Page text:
Cardinal Marc Ouellet fires back at critics with funding demand

By 
  • May 25, 2010

Cardinal Marc OuelletOTTAWA (CCN) — Cardinal Marc Ouellet has vowed not to be silenced on the “crime” of abortion and has answered his critics by demanding federal government funding to assist pregnant women.

In an interview on May 23 and at a press conference May 27, Ouellet expressed surprise at harsh political and media reaction to his recent  comments in which he stated that abortion is a moral crime even in cases of rape. He was vilified in the media and one popular La Presse columnist called him an ayatollah and extremist and wished the cardinal would die from a slow, painful illness.  

“I will not leave things the way they are,” said Ouellet. “There is a legitimate debate about promoting human life, about respect for the unborn.”

At a joint news conference in Quebec City with Ottawa Archbishop Terrance Prendergast, Ouellet called for the federal government to provide funding for pro-life organizations that counsel women against abortion.

“Governments are funding clinics for abortion,” Oullet said. “I would like equity for organizations that are defending life. If we had equity in funding I think we would make lots of progress in Canada.

“I am calling for a campaign of awareness and for programs to help women in distress. There is a lack of information, accompaniment and financial aid for pregnant women in crisis situations to make an enlightened choice.”

Ouelett's earlier comments on abortion drew condemnation from federal and provincial politicians, culminating in a unanimous resolution May 19 in the Quebec National Assembly that affirmed a woman’s right to free abortion, and also demanded the federal government end its ambiguity on the issue and stop de-funding to women’s organizations.

Ouellet was taken aback by the uproar but refuses to be intimidated.

“The abortion debate is on and we must not be afraid of it. We must have it, even if there is a motion in Quebec and an affirmation by the Prime Minister in Ottawa that go in the opposite direction and refuse to reopen legislation on abortion.”

Earlier in the week, Ouellet expressed dismay at the visceral public reaction to his pro-life comments.

“I have no power,” said the Archbishop of Quebec and Primate of Canada. “The church in Quebec has no power anymore. Why such a big reaction?  I am just reminding people of the teaching of the Church.”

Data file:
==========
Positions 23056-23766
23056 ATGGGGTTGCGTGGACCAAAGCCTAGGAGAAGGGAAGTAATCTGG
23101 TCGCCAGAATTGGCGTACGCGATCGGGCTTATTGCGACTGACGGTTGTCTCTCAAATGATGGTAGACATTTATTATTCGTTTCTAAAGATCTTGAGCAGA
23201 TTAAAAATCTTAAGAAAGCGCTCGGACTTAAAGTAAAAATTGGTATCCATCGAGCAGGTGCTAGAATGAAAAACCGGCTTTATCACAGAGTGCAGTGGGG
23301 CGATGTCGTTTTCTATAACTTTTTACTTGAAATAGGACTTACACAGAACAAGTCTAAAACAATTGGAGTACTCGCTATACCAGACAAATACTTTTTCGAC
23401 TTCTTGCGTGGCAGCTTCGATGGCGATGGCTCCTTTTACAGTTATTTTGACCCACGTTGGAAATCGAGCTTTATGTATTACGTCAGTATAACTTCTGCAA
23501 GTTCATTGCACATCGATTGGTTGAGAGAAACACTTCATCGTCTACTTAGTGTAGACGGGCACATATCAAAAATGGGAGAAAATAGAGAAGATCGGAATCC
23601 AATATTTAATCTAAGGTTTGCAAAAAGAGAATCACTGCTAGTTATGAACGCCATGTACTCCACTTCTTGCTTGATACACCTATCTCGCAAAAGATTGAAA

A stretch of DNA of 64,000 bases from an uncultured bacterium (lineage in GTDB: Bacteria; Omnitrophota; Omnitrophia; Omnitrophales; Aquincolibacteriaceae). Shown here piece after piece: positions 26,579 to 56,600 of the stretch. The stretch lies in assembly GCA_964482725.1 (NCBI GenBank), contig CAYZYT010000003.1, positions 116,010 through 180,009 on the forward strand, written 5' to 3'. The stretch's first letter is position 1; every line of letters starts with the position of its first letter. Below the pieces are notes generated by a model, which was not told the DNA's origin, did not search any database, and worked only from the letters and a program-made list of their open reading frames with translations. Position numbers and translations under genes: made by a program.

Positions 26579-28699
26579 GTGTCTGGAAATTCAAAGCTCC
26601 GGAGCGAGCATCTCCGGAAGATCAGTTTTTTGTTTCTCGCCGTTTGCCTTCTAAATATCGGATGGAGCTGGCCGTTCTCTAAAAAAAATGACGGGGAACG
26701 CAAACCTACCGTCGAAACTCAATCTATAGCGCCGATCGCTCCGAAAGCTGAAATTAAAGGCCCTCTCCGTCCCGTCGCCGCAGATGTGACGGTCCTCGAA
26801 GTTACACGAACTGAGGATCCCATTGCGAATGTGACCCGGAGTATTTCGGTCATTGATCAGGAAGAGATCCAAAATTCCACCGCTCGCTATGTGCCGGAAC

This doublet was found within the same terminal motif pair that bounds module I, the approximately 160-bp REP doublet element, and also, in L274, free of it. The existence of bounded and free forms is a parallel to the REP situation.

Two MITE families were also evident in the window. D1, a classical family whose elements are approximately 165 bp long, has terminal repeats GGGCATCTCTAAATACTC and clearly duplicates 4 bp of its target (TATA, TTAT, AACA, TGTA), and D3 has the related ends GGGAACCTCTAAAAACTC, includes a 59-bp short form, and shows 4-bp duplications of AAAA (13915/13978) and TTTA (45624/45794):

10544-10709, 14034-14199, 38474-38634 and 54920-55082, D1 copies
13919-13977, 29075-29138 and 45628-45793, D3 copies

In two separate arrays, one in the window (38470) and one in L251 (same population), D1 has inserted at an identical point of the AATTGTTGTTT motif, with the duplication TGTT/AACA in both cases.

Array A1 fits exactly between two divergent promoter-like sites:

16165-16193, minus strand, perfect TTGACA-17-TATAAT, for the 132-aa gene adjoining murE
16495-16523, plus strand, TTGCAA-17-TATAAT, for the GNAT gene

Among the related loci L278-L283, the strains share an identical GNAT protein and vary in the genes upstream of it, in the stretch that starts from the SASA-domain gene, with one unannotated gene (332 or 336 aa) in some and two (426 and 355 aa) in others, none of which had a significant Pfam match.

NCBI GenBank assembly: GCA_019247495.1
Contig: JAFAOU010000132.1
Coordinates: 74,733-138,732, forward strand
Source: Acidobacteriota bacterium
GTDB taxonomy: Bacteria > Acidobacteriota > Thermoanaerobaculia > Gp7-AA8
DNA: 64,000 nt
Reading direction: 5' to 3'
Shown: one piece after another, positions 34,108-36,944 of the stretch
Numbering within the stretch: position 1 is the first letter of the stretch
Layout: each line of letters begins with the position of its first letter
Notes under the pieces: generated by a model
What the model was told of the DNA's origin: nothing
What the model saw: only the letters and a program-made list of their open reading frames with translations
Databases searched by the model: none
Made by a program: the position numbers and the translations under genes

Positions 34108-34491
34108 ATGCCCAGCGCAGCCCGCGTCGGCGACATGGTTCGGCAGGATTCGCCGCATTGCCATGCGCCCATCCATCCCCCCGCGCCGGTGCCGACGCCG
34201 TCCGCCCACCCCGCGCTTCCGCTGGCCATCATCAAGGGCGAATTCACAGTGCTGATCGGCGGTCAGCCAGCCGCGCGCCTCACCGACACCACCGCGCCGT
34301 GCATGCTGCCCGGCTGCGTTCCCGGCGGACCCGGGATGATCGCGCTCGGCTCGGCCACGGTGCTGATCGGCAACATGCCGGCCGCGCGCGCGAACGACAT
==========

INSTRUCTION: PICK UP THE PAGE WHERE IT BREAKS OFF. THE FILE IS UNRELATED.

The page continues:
The cardinal defended the legitimacy of Church leaders to speak publicly on abortion.

“The Church has to teach truth of the Gospel and the understanding of the human being from the Gospel of Christ,” he said. “And the Church has to care for the formation of conscience.”

There are about 30,000 abortions a year in Quebec and about 100,000 in Canada as a whole. Ouellet reiterated that the teaching of the Church on abortion is that it is “considered a crime, a moral crime and a legal crime, too, and the Church is asking the states to penalize the practice of abortion.”

The cardinal seemed saddened that he has been accused of condemning women.

“I did not condemn any woman who has had recourse to an abortion,” he said. “God alone is the judge of everybody's conscience because he alone can measure all the elements in each and every case.”

“My objective was to remind (people) of the enormous moral objective with the preoccupation of saving a child's innocent life and saving the mother from the serious consequences of a deliberately provoked abortion.”

Oullet said the consequences of abortion are difficult for women, even if those consequences are not commonly recognized.

“We should do much more at the social level and even the government level for helping women, for removing the causes of recourse to abortion,” he said.

Abortion is a painful decision for women who are in crisis, said Ouellet.

“They are distressed, it is a very difficult decision to take. We should be more sensitive to all the factors that are bringing them to this decision.”

With files from Carolyn Girard

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